It seems harmless enough, plugging in a free USB-powered fan on a hot day.
But when it surfaced on Twitter yesterday that the item was included in a press pack handed out during the US-North Korea summit, it immediately drew concerns from some cyber experts about the potential for hidden malware.
One of those experts included author and journalist Barton Gellman who advised journalists to "drop it in a public trash can" after spotting Dutch journalist Harald Doornbos's picture of the device on Twitter.
External Link: So, um, summit journalists. Do not plug this in. Do not keep it. Drop it in a public trash can or send it to your friendly neighbourhood security researcher. Call any computer science department and donate it for a class exercise. Id be glad to take one off your hands, btw.
So could they actually contain malware?
The likelihood is very high, the director of University of NSW Canberra Cyber Nigel Phair says.
"People trying to infiltrate computer networks often use hidden software on thumb drives where they are given out at a conference or contain promotional material, whatever it might be," he said.
"People studiously go back to their work environment, plug it into their machine and it's the greatest way to bypass a whole lot of security controls."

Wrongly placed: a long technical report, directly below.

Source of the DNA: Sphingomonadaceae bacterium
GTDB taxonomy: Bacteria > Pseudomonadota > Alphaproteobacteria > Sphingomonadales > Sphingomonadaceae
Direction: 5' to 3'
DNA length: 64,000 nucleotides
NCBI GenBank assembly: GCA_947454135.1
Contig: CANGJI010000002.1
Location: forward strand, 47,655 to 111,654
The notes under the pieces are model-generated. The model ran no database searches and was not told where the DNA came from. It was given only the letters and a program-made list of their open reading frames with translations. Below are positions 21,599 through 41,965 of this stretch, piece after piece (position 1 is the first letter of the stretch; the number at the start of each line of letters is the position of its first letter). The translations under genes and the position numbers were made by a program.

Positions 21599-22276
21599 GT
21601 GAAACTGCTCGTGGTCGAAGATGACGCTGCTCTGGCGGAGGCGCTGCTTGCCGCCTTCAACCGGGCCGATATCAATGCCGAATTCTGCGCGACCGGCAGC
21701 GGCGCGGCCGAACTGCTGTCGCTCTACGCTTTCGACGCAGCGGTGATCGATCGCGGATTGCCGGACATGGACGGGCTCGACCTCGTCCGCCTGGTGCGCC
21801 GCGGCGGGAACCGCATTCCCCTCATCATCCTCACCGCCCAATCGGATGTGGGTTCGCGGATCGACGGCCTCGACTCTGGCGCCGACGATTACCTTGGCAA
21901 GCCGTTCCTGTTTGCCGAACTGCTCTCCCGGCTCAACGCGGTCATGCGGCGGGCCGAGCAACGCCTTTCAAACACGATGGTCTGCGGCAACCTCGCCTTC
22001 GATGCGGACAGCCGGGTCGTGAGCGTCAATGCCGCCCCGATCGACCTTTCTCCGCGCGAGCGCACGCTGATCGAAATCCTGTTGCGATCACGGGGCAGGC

According to Oliver Knox, chief Washington correspondent for broadcaster SiriusXM, at one summit, "White House aides raced into the filing centre to tell reporters not to use them".
OK they bypass your security. Then what?
External Link: Media goody bag: Mini USB fan, hand-held fan with #TrumpKim on either side to blow around all the hot air…. and a fun guide to Sentosa. NB: that's not the delegations playing beach volleyball.
There's a couple of things that can happen from there, but Mr Phair says it all depends on what kind of malware it is.
"It might be to download a key-stroke logger onto your device," he said.
"For example the people that go there, to these types of conferences … they have privileged access to computer systems, they have access to documents that are sensitive, something that would be very valuable to an attacker."
Should we be wary of all 'free' USBs or USB-powered devices?
Pretty much. Mr Phair says if you don't where it has come from or if you haven't opened it up directly from a packet, then you should be wary of what might be in it.
"This has been a high-risk issue for quite some time," he said.
As Mr Gellman pointed out in a follow-up to his tweet, the warning about USBs has become "standard security advice".
"I have no reason to think the Singapore government is responsible for every handout, and as I said I don't know what's on those devices. This is standard security advice. No knock on anyone," he tweeted.
How do you check if there's malware on the device?
Mr Phair says the best thing to do if you're unsure is to run it through a commercial virus checker or scanner.
"This will check if there is any known-grade vulnerabilities on it, otherwise it could also have malicious software that has not yet been detected by a virus scanner so you're not going to know regardless," he said.